Usually feel that they are different from other people. Because growing up in a dysfunctional alcoholic home made you different than other kids, that feeling of being different persists into adulthood.

Are super responsible or super irresponsible. In trying to please your alcoholic parent(s), you gave it your all or gave up when you realized it was futile.

Are extremely loyal even in the face of evidence that the loyalty is undeserved. Because no one ever walks away when the going turns rough in a dysfunctional alcoholic family, that model of "sticking it out" persists into adulthood. ACOA's find it very hard to walk away from a situation or relationship that really should be severed.

They tend to lock themselves into a course of action without giving serious consideration to alternative behaviors or possible consequences. This impulsiveness leads to confusion, self-loathing, & loss of control over their environment. In addition, they spend an excessive amount of energy cleaning up the mess.

(as adapted from Janet Woititz's famous book, Adult Children of Alcoholics)

Other Characteristics Of Adult Children of Alcoholics:

The above characteristics of adult children of alcoholics are those taken from the book "Adult Children of Alcoholics." Below are additional characteristics of Adult Children:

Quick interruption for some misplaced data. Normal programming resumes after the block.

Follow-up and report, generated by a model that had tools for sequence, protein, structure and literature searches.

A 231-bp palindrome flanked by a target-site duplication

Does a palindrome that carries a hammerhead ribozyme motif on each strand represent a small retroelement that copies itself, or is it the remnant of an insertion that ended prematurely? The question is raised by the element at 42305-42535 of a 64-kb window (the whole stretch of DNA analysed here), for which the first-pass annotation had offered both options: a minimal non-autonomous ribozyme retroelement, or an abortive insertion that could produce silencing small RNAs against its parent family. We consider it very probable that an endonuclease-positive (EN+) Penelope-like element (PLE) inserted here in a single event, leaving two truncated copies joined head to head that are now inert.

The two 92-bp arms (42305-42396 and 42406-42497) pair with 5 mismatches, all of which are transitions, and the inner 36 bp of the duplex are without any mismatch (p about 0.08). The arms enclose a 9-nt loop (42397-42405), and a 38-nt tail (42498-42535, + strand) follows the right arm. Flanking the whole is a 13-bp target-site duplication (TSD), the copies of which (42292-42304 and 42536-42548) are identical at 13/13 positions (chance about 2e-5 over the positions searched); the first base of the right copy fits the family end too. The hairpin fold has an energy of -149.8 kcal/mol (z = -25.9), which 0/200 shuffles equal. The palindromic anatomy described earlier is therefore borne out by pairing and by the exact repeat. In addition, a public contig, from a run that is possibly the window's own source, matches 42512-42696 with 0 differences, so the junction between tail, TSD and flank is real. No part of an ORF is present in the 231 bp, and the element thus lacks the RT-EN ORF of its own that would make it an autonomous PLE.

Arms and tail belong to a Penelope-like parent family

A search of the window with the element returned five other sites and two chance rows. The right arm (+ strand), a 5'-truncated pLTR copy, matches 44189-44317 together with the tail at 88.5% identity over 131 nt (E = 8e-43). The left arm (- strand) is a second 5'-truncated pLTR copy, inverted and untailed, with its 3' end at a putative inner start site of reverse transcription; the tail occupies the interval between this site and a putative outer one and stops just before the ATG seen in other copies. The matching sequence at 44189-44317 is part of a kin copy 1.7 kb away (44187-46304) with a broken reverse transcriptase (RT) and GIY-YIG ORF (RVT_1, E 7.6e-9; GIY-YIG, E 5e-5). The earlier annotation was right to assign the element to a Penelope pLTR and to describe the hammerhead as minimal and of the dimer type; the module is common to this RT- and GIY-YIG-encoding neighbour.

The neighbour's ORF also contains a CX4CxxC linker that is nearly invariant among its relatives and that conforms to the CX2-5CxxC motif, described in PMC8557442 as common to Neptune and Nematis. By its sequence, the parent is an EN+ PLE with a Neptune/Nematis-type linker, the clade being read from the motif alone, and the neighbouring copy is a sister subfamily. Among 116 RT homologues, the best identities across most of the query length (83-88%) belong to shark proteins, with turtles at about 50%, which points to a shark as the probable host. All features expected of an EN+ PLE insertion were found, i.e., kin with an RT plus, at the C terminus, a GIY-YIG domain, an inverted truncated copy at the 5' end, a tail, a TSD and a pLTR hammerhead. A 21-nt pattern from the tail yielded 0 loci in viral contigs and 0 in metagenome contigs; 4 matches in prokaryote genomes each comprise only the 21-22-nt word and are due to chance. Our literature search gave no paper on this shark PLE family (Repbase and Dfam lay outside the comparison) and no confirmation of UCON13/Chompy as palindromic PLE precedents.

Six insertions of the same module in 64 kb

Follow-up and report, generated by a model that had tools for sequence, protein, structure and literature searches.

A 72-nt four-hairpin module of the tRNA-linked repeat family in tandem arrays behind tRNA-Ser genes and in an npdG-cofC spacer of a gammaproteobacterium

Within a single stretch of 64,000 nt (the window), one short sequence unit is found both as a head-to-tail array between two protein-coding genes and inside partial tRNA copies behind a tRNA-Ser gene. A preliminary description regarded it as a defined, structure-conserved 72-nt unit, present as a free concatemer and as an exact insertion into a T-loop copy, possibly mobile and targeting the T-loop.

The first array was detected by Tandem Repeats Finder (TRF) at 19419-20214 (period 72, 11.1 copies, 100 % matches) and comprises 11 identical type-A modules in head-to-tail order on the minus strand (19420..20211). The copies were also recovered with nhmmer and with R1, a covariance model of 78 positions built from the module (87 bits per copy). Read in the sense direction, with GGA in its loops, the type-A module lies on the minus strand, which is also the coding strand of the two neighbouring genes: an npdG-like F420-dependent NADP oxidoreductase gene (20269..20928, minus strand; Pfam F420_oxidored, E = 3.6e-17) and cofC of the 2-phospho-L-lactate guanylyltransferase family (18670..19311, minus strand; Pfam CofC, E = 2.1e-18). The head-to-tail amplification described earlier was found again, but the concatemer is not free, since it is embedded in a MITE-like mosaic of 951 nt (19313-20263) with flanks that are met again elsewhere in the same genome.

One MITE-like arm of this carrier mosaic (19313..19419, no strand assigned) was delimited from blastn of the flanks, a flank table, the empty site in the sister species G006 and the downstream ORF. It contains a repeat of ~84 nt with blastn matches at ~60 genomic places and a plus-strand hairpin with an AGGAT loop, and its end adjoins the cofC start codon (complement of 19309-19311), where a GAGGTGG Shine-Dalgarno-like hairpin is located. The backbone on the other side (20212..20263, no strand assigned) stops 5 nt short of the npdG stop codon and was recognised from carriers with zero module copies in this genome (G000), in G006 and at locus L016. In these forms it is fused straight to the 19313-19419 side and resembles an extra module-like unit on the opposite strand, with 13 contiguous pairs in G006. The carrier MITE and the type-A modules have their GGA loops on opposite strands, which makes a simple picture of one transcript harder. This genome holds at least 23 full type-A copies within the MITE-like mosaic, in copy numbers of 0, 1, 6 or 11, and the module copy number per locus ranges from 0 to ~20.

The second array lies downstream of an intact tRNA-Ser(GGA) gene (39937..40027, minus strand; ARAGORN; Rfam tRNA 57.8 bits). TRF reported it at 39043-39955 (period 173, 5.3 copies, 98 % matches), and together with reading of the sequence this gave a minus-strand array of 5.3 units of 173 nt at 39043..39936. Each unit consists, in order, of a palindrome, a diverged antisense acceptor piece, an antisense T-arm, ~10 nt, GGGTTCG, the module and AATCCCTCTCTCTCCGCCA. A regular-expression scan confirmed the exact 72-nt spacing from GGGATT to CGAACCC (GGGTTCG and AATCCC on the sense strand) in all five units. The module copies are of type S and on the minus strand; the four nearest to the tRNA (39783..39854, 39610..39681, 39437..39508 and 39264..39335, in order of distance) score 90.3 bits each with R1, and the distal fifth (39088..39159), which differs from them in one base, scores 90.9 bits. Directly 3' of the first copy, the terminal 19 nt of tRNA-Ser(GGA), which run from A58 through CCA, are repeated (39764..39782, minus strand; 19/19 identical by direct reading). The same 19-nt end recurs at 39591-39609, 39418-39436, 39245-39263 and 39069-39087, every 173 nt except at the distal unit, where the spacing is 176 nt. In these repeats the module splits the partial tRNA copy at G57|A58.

Cyclical Reenactment: rather than distancing ourselves from our pasts, instead, we adult children of alcoholics subconsciously recreate our dysfunctional childhoods throughout our lifetime.

Disorganized Inner World: many adult children feel as though their internal world is confusing and mixed up; disorganized.

Distorted Reasoning: because so many of the things we experienced in childhood were chaotic and confusing, we look to find meaning in these experiences.

Easily Triggered: any stimuli that reminds us of our childhood can cause us to shut down, become numb, and dissociate.

Feel Anxiety: Worries, free-floating anxiety that seems to come from nowhere, and the associated sleep disturbances are common.